~ A brief history of hydrofoil surfing
Hydrofoils have been used with personal water craft since the early 1960's. In this article we will discuss the beginnings and evolution of hydrofoils for water sports. To learn about more recent designs check out our "Modern surf foil designs" article.
In 1963, the first hydrofoil "waterski" was patented by Bob Woodward, an aeronautical engineer from Massachusetts. The hydrofoil structure was attached to the bottom of a pair of fixed water skis with the rider towed by boat. Bob's company, Custom Dynamics, Inc. would go on to sell the "DynaFlite" successfully for the next 20 years.
In 1983 Woodward's patents expired and new designs began to emerge. The original DynaFlight was heavy and lacked the strength to be ridden much faster than 15 knots, so a few entrepreneurs started working with better materials and new designs.
In the early 1980's Mike Murphy and Bob Woolley began working on the first sit-down hydrofoils, the "Air Chair" and "Sit Ski". With these designs a rider is towed behind a boat, seated in a chair above a cast aluminum hydrofoil assembly. It was stronger, more stable and lighter than the original DynaFlight. In 1984 the Air Chair Corporation opened a factory in Lake Havasu City, Arizona and began offering sit-down hydrofoils for sale.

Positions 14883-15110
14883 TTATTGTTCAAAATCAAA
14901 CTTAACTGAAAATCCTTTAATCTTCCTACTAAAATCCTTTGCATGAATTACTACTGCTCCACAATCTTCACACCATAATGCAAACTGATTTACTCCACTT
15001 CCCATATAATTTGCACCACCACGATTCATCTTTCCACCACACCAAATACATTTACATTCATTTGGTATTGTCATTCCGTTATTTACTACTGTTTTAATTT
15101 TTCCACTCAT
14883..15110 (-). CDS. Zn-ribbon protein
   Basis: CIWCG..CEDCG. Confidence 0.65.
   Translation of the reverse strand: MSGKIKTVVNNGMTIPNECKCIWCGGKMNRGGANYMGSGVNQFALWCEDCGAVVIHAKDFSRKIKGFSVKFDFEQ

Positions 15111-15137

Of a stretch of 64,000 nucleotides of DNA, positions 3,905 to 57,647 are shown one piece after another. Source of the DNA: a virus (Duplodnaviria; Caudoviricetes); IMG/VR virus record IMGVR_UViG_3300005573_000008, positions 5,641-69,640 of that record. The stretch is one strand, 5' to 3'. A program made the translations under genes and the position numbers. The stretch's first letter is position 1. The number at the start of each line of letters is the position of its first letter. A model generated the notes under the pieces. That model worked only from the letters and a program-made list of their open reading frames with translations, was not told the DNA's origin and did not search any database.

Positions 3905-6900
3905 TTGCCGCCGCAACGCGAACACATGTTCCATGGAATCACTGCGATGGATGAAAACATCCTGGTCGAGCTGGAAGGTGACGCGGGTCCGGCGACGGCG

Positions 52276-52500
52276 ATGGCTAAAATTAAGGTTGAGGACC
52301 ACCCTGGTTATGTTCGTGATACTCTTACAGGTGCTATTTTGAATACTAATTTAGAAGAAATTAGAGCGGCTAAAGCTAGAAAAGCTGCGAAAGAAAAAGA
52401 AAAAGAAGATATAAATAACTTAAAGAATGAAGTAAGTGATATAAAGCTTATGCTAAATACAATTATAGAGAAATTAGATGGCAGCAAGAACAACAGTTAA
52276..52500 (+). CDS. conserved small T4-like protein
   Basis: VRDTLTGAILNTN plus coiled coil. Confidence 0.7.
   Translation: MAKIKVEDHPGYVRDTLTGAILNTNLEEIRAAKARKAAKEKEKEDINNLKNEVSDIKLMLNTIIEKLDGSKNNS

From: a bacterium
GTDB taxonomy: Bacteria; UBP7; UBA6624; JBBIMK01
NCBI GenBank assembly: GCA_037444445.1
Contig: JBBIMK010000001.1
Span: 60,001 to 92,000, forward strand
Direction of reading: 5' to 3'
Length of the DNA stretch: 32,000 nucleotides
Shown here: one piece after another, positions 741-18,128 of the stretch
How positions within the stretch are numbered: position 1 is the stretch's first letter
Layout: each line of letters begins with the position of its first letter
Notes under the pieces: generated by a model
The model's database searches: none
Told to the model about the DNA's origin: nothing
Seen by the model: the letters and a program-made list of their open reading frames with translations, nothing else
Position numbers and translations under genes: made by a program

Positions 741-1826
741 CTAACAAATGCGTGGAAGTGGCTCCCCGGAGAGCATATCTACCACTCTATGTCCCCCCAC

The Air Chair was more popular due to one major difference - when the Sit Ski was ridden too fast, the rider would get sprayed between the legs! The Air Chair's board channeled the spray to the sides avoiding the problem. The Air Chair was the first commercial foil board sold and is still produced and ridden today.